Wednesday, August 18, 2010

Humpbacks- by Mary Oliver

Last night's dance was as delicious as always, always different. I suppose partly because when I show up, I too am different each time. I had a headache before going and was hesitant about whether I should just sit the night out and stay home. I am so glad that I chose to go. I arrived early, having beat the traffic, and got to be the one to select the line that we would all share the dance with. I blindly picked the hidden line "longing to fly while the dead-weight bones." I just loved the line. How could I not. It spoke to me deeply as it always does, maybe even more deeply than usual. Feeling weighted down with life as it happens, worrying about my mom and her health and feeling like I want to have the power to "fix it" to make things different from what they are, yet knowing that this is not possible, nor is it within my power. The weight of family worry, health worry, is so heavy that it is palpable inside and outside my body. I long to let go of the many emotional restraints that feel like dead weights on my limbs. To let go, surrender to what is and to be able to release and fly regardless of what is happening in life. The longing to be able to change what is, and the wisdom to know the difference between what I have the power to change and what I have to learn to accept. It seems as though the lines go deeper and deeper into my soul, and seem increasingly relevant to me. I am always surprised... yet not really. I have come to know and love the poetry and the dance, and how they dance with each other, and then how they invite me into their dance. I felt very rooted and strong and heavy in the dance, yet for some reason, the heaviness did not feel paralyzing like I thought it would.  The music and the words began to increase in their pace and depth, moving me, lifting me, into an ever growing powerful dance with a certain growing lightness. The lightness was a powerful lightness. I felt less like I was fighting the movement and more like I was being lifted by it. I felt full, rich. I left with a decidedly lighter, more empowered, unencumbered feeling. How healing the dance is to me.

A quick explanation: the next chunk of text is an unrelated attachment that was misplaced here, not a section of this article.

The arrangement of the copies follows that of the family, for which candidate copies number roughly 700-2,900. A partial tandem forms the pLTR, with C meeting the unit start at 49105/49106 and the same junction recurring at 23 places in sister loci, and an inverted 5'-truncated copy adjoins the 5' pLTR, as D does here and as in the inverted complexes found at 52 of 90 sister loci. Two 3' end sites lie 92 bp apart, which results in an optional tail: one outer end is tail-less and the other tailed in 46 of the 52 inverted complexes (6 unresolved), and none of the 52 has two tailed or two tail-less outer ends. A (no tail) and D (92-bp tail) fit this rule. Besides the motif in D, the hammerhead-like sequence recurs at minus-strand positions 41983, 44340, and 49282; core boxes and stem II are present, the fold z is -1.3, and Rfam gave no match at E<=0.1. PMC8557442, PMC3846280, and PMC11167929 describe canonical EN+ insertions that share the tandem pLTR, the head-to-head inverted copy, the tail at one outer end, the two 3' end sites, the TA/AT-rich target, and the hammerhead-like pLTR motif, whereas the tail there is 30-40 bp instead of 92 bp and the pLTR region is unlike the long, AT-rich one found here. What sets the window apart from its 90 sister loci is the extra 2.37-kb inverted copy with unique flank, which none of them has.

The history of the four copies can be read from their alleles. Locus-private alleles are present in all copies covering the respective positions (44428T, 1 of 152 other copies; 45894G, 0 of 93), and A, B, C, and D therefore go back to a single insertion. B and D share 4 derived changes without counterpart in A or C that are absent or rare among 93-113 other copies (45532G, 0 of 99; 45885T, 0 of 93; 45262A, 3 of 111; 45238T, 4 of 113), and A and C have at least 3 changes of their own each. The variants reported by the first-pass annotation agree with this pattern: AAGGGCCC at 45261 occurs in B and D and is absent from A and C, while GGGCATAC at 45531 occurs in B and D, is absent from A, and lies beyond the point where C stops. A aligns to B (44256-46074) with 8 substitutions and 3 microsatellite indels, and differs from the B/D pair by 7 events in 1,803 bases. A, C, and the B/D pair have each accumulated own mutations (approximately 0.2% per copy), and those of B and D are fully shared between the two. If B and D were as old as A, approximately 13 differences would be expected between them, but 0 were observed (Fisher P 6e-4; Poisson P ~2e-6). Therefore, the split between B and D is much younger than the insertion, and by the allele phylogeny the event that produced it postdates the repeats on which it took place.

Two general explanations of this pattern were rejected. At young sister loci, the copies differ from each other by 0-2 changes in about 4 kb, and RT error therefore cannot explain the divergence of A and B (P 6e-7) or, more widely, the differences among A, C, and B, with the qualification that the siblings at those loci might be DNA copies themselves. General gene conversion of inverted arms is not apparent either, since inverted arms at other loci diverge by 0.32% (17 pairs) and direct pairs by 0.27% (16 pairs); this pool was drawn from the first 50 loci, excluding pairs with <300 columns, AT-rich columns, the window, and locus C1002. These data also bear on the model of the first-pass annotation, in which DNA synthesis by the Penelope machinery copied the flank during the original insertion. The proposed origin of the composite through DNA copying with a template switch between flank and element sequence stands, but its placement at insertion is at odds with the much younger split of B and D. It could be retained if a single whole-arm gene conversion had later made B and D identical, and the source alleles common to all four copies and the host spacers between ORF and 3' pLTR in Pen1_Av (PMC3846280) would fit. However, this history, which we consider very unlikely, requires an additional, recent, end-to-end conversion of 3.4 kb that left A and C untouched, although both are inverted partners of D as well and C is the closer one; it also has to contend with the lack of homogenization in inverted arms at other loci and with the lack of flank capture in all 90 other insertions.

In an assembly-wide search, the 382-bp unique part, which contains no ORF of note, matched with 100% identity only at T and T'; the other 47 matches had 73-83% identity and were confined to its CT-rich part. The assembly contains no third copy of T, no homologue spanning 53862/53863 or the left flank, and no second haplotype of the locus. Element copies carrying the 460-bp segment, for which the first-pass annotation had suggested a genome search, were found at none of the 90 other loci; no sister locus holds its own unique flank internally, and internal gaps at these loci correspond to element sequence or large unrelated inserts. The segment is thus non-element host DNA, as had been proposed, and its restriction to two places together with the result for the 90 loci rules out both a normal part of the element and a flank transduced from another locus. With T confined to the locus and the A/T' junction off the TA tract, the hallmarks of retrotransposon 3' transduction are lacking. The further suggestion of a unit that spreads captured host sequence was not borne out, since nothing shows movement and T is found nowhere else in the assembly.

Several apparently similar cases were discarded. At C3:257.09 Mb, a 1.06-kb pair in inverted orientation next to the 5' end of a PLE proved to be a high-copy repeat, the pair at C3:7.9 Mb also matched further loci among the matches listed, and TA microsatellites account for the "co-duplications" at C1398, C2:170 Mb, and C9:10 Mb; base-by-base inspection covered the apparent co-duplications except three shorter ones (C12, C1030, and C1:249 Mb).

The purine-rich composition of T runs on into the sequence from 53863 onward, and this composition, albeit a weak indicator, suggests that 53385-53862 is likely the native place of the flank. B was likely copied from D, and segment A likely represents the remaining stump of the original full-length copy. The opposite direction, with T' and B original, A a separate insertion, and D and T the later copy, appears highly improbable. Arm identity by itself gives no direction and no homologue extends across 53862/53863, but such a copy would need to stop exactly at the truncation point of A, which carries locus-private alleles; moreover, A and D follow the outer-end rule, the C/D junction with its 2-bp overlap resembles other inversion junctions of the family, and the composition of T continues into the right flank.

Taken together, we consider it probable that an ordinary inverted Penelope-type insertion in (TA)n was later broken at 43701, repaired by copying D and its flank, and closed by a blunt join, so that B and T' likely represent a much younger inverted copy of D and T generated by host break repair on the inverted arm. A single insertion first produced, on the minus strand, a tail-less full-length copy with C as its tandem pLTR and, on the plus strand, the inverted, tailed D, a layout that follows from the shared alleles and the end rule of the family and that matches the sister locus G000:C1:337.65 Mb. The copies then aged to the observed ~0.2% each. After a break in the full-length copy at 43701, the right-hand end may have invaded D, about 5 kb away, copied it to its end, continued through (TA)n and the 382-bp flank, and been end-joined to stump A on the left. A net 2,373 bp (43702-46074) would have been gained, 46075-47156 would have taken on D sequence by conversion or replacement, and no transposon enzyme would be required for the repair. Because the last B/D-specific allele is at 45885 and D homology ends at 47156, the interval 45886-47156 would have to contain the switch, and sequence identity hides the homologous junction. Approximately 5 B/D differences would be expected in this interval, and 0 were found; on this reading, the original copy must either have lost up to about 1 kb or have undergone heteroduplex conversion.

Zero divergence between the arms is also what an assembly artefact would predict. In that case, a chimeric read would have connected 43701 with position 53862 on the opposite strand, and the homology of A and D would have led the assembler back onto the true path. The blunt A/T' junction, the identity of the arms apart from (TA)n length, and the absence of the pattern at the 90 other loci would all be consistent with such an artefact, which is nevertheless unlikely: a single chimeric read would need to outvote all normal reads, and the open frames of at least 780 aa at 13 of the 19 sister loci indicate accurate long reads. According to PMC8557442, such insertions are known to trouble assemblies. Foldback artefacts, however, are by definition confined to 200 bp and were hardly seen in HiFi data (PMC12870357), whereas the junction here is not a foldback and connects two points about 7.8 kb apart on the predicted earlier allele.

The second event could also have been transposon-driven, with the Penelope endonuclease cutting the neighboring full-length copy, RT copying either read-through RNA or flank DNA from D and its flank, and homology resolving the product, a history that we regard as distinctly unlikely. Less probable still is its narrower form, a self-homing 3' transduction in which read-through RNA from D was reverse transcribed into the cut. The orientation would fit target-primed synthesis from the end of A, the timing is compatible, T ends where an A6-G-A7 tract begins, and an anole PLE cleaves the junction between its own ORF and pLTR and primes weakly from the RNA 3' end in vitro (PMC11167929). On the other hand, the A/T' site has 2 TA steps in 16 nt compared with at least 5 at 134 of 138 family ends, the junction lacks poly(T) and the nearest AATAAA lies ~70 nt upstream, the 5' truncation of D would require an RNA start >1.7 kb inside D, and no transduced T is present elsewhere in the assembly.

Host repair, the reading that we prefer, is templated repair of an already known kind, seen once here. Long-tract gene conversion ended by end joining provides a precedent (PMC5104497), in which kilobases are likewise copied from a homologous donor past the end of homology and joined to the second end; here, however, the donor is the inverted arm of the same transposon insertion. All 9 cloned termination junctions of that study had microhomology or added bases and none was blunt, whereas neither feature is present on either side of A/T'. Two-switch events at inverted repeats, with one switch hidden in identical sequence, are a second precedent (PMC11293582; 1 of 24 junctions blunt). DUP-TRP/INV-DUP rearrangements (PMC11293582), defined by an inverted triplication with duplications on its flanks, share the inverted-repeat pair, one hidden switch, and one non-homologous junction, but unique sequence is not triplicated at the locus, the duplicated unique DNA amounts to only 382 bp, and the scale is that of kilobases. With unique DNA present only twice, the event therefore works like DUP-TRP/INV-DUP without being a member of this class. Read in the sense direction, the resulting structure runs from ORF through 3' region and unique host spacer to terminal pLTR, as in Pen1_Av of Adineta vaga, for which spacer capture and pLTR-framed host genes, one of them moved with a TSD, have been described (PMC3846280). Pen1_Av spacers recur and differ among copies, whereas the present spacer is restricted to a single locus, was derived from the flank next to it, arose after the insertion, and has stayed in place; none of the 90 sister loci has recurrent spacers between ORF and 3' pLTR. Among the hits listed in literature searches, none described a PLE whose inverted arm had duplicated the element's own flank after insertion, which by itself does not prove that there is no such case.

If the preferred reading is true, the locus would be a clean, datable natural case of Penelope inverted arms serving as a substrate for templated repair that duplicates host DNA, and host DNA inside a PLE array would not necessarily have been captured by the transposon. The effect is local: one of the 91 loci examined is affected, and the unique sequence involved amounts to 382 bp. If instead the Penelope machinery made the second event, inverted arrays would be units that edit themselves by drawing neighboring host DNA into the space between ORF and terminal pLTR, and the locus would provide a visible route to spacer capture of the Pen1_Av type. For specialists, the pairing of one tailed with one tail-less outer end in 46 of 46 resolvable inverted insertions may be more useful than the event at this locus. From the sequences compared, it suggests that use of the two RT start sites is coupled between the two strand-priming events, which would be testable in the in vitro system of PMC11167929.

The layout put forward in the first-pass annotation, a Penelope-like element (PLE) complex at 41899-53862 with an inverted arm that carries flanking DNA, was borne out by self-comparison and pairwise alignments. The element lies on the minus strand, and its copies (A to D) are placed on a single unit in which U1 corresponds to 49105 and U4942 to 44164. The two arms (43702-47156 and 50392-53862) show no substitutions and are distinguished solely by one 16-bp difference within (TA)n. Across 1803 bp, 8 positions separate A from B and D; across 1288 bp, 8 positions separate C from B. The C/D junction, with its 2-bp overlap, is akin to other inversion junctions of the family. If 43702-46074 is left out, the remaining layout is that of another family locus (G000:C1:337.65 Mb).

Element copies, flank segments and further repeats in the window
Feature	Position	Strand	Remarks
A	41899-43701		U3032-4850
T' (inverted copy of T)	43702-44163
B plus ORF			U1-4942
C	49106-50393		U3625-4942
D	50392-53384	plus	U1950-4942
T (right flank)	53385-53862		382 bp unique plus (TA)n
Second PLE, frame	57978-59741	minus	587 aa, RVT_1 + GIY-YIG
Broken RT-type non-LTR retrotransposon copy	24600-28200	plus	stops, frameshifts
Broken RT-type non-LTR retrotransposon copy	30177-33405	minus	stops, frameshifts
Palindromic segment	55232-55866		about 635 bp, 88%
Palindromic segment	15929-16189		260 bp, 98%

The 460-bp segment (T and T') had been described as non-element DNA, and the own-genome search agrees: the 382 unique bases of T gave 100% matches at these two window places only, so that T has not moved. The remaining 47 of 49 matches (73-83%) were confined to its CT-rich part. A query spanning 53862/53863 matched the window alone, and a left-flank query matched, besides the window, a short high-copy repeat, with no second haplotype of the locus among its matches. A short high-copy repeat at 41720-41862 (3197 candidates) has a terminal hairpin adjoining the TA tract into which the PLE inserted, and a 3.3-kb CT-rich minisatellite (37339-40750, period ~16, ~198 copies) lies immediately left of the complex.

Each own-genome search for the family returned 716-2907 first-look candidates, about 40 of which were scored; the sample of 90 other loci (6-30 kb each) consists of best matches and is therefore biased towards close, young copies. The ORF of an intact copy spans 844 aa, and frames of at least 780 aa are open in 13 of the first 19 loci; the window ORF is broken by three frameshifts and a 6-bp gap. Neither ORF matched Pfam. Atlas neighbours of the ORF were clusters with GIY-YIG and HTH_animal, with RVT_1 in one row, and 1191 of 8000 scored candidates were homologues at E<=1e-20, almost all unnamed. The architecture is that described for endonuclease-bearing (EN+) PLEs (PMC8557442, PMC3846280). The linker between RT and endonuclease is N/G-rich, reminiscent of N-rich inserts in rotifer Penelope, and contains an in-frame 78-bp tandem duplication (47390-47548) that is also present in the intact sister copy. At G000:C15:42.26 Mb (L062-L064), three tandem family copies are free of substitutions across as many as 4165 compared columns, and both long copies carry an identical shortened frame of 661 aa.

I both feel as if I have been dancing my entire life, yet wonder how I ever survived before I began Ecstatic Dance less than four years ago? It heals me and helps me in ways that words can't begin to describe. Sometimes you can know it, identify it, sometimes you can feel it, and sometimes you have to just dance the unknowing of it. Oh how I love to dance!!

"There is, all around us,
this country
of original fire.
You know what I mean.
The sky, after all, stops at nothing so something
has to be holding
our bodies
in its rich and timeless stables or else
we would fly away.
Off Stellwagan
off the Cape,
the humbacks rise. Carrying their tonnage
of barnacles and joy
they leap through the water, they nuzzle back under it
like children
at play.
They sing, too.
And not for any reason
you can’t imagine.
Three of them
rise to the surface near the bow of the boat,
then dive
deeply, their huge scarred flukes
tipped to the air.
We wait, not knowing
just where it will happen; suddenly
they smash through the surface, someone begins
shouting for joy and you realize
it is yourself as they surge
upward and you see for the first time
how huge they are, as they breach,
and dive, and breach again
through the shining blue flowers
of the split water and you see them
for some unbelievable
part of a moment against the sky —
like nothing you’ve ever imagined —
like the myth of the fifth morning galloping
out of darkness, pouring
heavenward, spinning; then
they crash back under those black silks
and we all fall back
together into that wet fire, you
know what I mean.
I know a captain who has seen them
playing with seaweed, swimming
through the green islands, tossing
the slippery branches into the air.
I know a whale that will come to the boat whenever
she can, and nudge it gently along the bow
with her long flipper.
I know several lives worth living.
Listen, whatever it is you try
to do with your life, nothing will ever dazzle you
like the dreams of your body,
its spirit
longing to fly while the dead-weight bones
toss their dark mane and hurry
back into the fields of glittering fire
where everything,
even the great whale,
throbs with song.
~ Mary Oliver ~
When Meshi read the entire poem to us after the dance, another line breached out of the poem, so to speak, and touched my soul~~

"I know several lives worth living.
Listen, whatever it is you try
to do with your life, nothing will ever dazzle you
like the dreams of your body,"

I will have to remember this line and try to dance it more in my life.

1 comment:

Sparks of Spirit Glass said...

Sorry to hear that your mom is ailing. So happy for you that you still have a mom to talk to! Mine passed away about 19 years ago.

I remember that sense of powerlessness.....wanting to erase her pain, help her feel whole, make her smile.

Inevitably, our bodies fail us.....but if we have lived well, our song/poem will outlive us.

Best wishes to you and your mom!